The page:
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Government plotting 'biggest roads revolution' for 80 years

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Tailoring the driving test to reflect an expected surge in driverless cars is among reforms being proposed by the Government which will be the most far-reaching since the driving test was introduced in 1935, The Independent on Sunday has reported.

Other proposed reforms include closing test centres, cutting jobs at motoring agencies, increasing fees for non-essential services such as personalised number plates, and raising the age at which drivers must declare that they are fit to drive from 70 to 75.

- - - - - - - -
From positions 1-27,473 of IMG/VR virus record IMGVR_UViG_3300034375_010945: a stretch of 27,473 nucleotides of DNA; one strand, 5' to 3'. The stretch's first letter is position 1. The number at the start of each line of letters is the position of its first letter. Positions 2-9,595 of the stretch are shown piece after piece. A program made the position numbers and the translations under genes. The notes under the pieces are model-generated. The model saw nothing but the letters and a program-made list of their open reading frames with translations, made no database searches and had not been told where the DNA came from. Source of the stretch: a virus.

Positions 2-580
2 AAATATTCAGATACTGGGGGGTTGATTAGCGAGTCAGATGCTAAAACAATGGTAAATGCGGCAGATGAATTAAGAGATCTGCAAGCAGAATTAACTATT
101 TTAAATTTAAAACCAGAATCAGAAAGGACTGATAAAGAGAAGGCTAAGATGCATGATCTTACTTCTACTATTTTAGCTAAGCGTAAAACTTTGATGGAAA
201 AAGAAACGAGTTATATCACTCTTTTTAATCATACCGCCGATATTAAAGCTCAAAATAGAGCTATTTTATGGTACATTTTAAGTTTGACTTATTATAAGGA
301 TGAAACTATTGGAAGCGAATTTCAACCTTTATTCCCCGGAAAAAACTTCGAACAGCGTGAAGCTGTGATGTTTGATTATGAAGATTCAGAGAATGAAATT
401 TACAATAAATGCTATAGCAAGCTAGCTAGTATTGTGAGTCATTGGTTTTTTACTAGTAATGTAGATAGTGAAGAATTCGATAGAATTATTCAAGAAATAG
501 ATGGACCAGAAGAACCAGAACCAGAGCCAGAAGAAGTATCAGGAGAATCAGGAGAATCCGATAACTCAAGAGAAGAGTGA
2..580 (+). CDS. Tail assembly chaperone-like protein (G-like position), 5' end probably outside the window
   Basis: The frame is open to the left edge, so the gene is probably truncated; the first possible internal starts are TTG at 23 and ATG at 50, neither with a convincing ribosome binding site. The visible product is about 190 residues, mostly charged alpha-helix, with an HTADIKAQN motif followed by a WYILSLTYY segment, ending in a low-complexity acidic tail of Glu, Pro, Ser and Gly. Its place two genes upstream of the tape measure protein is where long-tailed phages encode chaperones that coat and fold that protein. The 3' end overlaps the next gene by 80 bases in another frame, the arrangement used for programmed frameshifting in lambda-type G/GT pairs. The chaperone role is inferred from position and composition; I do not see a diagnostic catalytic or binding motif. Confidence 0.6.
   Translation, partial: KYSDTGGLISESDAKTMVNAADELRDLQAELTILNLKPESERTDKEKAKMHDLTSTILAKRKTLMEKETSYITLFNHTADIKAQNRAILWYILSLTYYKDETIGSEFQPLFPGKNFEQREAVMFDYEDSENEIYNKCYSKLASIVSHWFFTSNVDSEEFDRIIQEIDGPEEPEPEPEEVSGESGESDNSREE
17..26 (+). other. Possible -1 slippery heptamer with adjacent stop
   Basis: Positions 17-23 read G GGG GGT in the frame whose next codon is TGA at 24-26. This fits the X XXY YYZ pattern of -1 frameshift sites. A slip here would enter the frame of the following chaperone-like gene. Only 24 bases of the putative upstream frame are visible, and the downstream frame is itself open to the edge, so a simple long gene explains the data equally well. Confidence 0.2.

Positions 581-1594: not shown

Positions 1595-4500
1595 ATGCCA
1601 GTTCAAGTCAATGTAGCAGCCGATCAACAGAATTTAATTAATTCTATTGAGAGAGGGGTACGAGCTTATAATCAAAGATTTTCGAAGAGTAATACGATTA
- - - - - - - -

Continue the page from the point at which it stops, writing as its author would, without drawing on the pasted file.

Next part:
The Department for Transport is preparing a consultation document on the reforms which will be published in October.  A draft has been obtained by The Independent on Sunday.

The consultation will form the basis of next year’s formal strategy on the future of the country’s three motoring agencies – the Driver and Vehicle Standards Agency (DVSA), the Driver and Vehicle Licensing Agency (DVLA) and the Vehicle Certification Authority (VCA).

The newspaper reported that the Government is undertaking a separate review of the driving test and is trialling an examination that asks learners to follow satellite navigation directions for 20 minutes.

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